Saptu fixed on Stellies’ implementation of recommendations

The South African Parastatal and Tertiary Institutes Union (Saptu) has set its eyes on Stellenbosch University’s plans to implement the recommendations of retired judge Sisi Khampepe’s report.

Reiterating its stance in a statement on Wednesday, the union, which represents various employees in semi-government institutions, said it stands against discrimination and supports change and transformation.

It further said it will follow “with interest” all the steps taken by Stellenbosch University in this regard, including the perusal of all new policies and protocols.


Advocate Ben van der Walt, Saptu general secretary, said: “Even though we are not against change, Saptu as a union will, however, in the interest of our members peruse all new policies, protocols and amendments to ensure that no new form of discrimination which accords with neither the constitution of South Africa, nor fair labour practice in terms of our labour laws will be implemented against the interests of our members.”

According to Van der Walt, Saptu is specifically interested in documents that will need to be authorised by its members, noting that it will support them [union members] if they decide to reject the recommendations.

“Saptu is specifically interested in the specifications of the document that must be accepted and signed by lecturers such as: participation in training for all members of staff relating to discrimination and transformation; and participation in training must be a component of all staff members’ performance evaluations.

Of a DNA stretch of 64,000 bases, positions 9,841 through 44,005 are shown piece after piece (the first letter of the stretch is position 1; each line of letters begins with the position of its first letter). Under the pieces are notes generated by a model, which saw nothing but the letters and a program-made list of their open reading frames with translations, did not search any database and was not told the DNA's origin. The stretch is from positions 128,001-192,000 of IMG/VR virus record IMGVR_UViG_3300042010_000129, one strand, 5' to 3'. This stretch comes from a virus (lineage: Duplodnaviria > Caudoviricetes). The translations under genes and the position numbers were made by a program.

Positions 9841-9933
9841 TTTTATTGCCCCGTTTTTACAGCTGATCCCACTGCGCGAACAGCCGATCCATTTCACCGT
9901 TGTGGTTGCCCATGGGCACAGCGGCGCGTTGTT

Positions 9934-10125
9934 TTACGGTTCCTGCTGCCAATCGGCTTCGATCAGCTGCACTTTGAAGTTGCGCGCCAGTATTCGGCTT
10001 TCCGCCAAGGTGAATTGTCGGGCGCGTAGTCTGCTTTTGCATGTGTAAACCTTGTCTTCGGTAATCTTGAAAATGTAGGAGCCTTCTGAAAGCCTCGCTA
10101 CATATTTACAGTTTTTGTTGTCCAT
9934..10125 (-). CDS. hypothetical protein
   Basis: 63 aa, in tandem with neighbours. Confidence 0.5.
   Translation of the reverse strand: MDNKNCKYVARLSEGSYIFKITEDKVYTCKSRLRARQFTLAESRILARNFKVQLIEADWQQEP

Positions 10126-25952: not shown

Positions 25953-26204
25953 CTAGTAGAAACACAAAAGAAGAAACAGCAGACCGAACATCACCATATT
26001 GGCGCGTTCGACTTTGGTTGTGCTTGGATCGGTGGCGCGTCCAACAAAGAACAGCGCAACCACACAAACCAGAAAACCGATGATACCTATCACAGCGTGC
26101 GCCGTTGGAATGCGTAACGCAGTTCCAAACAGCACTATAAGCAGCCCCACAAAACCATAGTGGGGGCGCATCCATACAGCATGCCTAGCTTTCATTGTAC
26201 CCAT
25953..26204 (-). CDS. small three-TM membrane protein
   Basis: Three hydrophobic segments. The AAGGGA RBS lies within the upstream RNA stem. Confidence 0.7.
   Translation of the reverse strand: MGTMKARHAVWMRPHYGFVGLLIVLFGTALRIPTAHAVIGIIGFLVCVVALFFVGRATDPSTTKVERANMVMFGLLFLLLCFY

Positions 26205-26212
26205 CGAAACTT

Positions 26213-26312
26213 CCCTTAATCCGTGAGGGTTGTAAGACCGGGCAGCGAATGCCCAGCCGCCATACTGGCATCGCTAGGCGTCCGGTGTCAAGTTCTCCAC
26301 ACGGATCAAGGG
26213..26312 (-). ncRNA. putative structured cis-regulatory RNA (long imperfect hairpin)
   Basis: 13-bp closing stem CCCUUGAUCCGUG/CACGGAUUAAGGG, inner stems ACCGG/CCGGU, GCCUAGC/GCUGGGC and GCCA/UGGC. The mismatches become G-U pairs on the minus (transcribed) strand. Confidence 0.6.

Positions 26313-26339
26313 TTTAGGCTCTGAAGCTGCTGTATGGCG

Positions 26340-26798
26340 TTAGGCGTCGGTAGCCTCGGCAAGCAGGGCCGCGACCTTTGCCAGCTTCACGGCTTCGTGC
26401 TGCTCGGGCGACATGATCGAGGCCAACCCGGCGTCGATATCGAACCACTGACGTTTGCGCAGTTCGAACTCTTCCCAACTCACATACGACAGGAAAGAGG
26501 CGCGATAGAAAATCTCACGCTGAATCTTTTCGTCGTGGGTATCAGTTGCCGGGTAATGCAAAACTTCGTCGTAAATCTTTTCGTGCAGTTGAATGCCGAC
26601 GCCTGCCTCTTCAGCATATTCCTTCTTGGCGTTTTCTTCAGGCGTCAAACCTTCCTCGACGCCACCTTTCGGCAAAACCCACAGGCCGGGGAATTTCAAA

“As the above is compulsory, a recommendation by the report, if not accepted as such by Saptu members, then Saptu will assist them in any disputes in the matter.

“We also request to be a part of the creation of the transformation charter, as we represent the significant interests of a substantial number of employees in the workplace at Stellenbosch university.”

Khampepe found that the university is fraught with a toxic culture caused by ancient racial scars and beliefs. In the report, she made recommendations regarding the toxic culture and the university’s language policies, notwithstanding the need for greater change in leadership.


She also suggested that the university revise its language policy to eliminate any chance of language exclusion through the preference for Afrikaans.

Upon receipt of the report, the university noted that black students and employees were uncomfortable at the institution and said it will study the recommendations further before acting on them.

However, during a hybrid session where the report was unpacked, the university’s professor of education, Jonathan Jansen, said the institution is having issues around racism because it is changing, and not because it is “untransformed”.

“The more you push transformation as university leadership, the more the pushback becomes dramatic,” Jansen said.

Also read: Khampepe report ‘a sobering moment’ for Stellenbosch University

Follow @SundayWorldZA on Twitter and @sundayworldza on Instagram, or like our Facebook Page, Sunday World, by clicking here for the latest breaking news in South Africa. To Subscribe to Sunday World, click here.

Latest News